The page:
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For current and future climatological effects of human influences, see global warming. For the study of past climate change, see paleoclimatology. For temperatures on the longest time scales, see geologic temperature record.
|Atmospheric sciences |
|Atmospheric physics |
|Atmospheric dynamics (category) |
|Atmospheric chemistry (category) |
|Weather (category) · (portal) ...view middle of the document...
1.1 Ocean variability |
|2.2 External forcing mechanisms |
|2.2.1 Human influences |
|2.2.2 Orbital variations |
|2.2.3 Solar output |
|2.2.4 Volcanism |
|2.2.5 Plate tectonics |
|3 Physical evidence for and examples of climatic change |
|3.1 Temperature measurements and proxies |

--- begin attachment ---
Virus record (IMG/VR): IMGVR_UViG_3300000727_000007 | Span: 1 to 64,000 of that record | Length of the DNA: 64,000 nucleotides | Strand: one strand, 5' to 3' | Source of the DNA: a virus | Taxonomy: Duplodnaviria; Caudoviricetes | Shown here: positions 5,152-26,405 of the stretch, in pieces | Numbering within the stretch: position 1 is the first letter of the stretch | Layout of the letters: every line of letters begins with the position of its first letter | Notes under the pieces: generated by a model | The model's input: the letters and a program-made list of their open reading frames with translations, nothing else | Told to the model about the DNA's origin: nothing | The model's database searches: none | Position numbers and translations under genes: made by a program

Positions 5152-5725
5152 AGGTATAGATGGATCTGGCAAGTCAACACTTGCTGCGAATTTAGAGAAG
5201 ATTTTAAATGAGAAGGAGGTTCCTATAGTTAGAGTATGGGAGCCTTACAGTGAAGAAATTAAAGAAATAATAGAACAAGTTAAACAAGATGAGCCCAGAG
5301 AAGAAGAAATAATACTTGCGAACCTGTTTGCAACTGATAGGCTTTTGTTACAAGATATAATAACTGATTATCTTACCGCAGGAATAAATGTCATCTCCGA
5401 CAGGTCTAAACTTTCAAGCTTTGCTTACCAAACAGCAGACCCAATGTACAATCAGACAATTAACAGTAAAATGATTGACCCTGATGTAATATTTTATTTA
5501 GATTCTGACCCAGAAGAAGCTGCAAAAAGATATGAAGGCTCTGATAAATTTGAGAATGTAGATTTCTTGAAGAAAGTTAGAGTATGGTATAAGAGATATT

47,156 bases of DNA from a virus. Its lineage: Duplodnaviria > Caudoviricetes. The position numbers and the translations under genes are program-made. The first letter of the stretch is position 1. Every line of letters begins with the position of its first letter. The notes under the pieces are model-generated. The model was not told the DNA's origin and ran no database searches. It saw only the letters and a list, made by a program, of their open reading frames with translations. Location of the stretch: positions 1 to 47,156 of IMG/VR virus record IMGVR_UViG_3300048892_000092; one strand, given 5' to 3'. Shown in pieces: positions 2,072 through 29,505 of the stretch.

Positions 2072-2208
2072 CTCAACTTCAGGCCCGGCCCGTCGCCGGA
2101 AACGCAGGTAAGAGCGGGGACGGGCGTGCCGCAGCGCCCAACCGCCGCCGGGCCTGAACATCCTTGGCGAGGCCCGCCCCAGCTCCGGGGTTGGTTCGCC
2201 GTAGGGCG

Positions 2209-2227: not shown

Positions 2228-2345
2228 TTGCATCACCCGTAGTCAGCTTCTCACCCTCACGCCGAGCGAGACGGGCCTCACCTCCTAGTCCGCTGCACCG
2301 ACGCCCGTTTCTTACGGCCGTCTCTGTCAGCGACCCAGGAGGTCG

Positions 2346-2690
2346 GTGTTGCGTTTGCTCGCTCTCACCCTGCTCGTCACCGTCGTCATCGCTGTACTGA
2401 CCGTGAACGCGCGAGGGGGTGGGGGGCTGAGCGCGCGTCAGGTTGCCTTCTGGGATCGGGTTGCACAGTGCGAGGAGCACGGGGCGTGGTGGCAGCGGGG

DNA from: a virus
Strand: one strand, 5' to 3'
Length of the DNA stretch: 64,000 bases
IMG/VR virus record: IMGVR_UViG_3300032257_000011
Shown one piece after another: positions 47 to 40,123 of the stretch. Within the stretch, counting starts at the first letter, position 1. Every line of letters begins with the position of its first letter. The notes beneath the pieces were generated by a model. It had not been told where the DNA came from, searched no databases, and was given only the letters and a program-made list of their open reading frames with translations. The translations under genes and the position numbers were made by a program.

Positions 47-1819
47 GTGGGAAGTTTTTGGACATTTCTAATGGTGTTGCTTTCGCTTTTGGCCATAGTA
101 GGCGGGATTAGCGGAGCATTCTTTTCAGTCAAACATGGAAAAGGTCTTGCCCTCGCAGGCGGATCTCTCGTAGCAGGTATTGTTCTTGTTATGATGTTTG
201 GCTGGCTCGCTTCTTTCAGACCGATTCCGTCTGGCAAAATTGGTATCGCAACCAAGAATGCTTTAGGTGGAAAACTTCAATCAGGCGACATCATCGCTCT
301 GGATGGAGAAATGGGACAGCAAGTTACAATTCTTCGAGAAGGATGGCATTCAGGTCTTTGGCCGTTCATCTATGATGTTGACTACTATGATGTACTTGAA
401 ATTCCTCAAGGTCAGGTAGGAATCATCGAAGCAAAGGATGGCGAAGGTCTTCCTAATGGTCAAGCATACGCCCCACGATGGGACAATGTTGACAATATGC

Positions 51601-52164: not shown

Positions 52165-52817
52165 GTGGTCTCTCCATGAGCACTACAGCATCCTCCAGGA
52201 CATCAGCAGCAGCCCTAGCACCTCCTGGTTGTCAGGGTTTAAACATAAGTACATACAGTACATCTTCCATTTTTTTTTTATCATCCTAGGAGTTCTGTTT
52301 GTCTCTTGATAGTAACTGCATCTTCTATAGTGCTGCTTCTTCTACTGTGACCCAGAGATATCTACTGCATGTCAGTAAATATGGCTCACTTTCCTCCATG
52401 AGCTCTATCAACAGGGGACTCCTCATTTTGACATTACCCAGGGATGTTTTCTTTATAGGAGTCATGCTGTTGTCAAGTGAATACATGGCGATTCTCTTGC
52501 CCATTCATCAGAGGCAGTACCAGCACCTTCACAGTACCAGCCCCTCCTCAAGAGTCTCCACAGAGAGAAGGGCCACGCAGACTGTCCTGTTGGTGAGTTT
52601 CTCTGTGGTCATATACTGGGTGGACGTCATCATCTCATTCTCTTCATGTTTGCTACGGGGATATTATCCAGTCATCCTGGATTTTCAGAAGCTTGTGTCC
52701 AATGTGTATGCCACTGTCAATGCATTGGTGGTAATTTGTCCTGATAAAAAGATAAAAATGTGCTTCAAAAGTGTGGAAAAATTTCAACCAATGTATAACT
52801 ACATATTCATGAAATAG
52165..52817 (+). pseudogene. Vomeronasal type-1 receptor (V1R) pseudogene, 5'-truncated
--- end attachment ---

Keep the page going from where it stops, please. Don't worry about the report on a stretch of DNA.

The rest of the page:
|3.2 Historical and archaeological evidence |
|3.3 Glaciers |
|3.4 Vegetation |
|3.5 Pollen analysis |
|3.6 Precipitation |
|3.7 Dendroclimatology |
|3.8 Ice cores |
|3.9 Insects |
|3.10 Fish |
|3.11 Sea level change |
|4 See also |
|5 References |
|6 Further reading |
|7 External links |
The most general definition of climate change is a change in the statistical properties of the climate system when considered over long periods of time, regardless of cause. Accordingly, fluctuations over periods shorter than a few decades, such as El Niño, do not represent climate change.
The term sometimes is used to refer specifically to climate change caused by human activity; for example, the United Nations Framework Convention on Climate Change defines climate change as "a change of climate which is attributed directly or indirectly to human activity that alters the composition of the global atmosphere and which is in addition to natural climate variability observed over comparable time periods." In this latter sense, used especially in the context of...